LOS ANGELES -- Executive Producer Brad Falchuk is used to answering writers’ questions.
With “Pose,” the new dance musical on FX, he was the one asking them: “What is this exactly? What does it feel like?”
For many, executive producer Ryan Murphy says, that will be the reaction.
Set in the 1980s, “Pose” looks at the New York ball culture – a world in which “houses” compete in dance competitions. Because many gay and transgender performers were attracted to the balls, “families” formed that proved both supportive and critical.
Murphy was intrigued by the documentary “Paris is Burning,” which detailed the world, but didn’t know how to fictionalize what was covered. Steven Canals had written about just such a world but was told his story was just “too niche... there wasn’t an audience for it.”
His script made its way to Murphy, the two met and “Pose” emerged.
More important? Murphy decided to populate the series with the largest number of transgender actors in an American television show. “It’s a wonderful thing to be able to say to somebody who never thought that they would fit in the room or be allowed to be in the room, ‘No, you’re in the room now and you are a part of mainstream Hollywood,’” he says.
To find those who could believably play ball regulars, Murphy put out fliers at various competitions. ‘It was literally like the search for Scarlett O’Hara,” he says. “We let the community know that we were going to cast authentically and that we were going to cast fairly.”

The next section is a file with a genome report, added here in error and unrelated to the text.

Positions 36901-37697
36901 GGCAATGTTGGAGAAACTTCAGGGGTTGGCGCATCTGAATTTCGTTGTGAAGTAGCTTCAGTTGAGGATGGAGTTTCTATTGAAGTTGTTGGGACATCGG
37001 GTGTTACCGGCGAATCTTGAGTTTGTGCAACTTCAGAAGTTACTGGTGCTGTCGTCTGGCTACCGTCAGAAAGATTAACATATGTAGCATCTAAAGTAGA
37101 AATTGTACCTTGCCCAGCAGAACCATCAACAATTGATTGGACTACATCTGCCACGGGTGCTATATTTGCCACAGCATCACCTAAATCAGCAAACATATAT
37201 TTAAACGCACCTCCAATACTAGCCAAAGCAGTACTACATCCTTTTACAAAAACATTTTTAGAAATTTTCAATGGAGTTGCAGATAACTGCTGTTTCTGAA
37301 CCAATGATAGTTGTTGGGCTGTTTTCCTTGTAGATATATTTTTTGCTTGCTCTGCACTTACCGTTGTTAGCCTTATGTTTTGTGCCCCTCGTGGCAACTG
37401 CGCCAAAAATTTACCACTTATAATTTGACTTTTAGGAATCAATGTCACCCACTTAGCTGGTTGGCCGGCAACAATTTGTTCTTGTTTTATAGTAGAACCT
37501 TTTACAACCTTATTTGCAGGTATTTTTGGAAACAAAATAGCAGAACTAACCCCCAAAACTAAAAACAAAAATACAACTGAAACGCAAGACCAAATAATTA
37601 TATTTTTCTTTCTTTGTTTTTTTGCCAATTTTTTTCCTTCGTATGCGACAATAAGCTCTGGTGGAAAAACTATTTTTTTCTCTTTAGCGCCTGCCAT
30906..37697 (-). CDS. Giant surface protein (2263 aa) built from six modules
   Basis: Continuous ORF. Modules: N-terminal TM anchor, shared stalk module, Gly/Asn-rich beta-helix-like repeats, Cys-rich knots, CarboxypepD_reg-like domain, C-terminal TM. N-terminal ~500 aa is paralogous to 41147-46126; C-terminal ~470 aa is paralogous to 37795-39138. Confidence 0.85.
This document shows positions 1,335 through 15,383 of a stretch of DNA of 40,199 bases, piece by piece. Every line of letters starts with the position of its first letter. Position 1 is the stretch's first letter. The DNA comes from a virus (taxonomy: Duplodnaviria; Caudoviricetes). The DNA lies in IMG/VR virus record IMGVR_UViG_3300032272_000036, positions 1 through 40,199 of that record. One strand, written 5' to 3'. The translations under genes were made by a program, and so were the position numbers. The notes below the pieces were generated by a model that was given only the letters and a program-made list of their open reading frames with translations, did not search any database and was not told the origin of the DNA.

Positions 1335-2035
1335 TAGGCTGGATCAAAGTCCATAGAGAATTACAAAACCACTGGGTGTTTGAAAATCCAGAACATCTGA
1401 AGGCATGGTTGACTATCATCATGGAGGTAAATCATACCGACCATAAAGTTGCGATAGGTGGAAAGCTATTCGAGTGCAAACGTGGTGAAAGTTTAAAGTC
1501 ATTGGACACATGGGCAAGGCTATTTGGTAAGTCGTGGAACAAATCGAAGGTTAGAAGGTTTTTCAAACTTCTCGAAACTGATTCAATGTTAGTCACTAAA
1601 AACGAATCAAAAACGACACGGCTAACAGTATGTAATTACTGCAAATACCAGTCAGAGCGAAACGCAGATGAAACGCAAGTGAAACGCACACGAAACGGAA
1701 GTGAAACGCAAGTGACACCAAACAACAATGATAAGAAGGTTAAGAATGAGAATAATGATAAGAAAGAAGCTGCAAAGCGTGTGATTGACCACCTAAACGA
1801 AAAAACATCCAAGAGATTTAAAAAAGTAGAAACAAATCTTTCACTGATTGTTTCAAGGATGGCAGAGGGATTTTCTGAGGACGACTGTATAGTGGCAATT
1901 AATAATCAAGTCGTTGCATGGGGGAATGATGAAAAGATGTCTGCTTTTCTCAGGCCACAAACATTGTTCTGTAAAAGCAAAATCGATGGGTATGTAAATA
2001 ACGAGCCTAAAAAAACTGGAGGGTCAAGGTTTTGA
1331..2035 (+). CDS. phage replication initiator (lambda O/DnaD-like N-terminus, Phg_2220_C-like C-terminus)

Janet Mock, an advocate for trans women’s rights and a producer of “Pose,” says she wanted the show to reveal the relationships and problems that face trans and gay people, how they deal with class, race and sexuality, and what kind of support they find “when they’re butting against the world around them.”
The eight-part first season begins in 1987, when ballroom moves were “more posing and modelesque,” according to Indya Moore, who plays Angel, a Puerto Rican streetwalker.
“Back then, it was more of a fight for family,” says Dominique Jackson, who plays Elektra Abundance, a house mother. “Today, ballroom is global. There are houses in Japan... London... Italy. And people of the ballroom scene are actually employed, (demonstrating) what ballroom culture is.”
Like “Fame,” “Pose” details the training process and the relationships that develop through the houses.
“(At the time), there was enormous transphobia in the gay community,” says Nina Jacobson, executive producer. “There was a ‘divide and conquer’ mentality; everybody (was) looking to have somebody who might be beneath them in the pecking order. The show tries to explore even that level of politics.”
Murphy says the series will focus on the years before Madonna co-opted ball culture for her “Vogue” video. It introduces a host of characters from both the gay and transgender communities and reveals how they worked to fit in.
“To me, this show is an optimistic valentine to the love of community and the love of searching for a family,” he says. “And, it’s a dance musical.”
Like “Glee,” his earlier hit, “Pose” features lots of music and musical numbers.
“My dream is that this show is watched by families, just like ‘Glee’ in some weird way,” he says. “The show is not only really fun but it’s educational. I do think, particularly now, it can change hearts and minds.”
“Pose” airs Sunday on FX.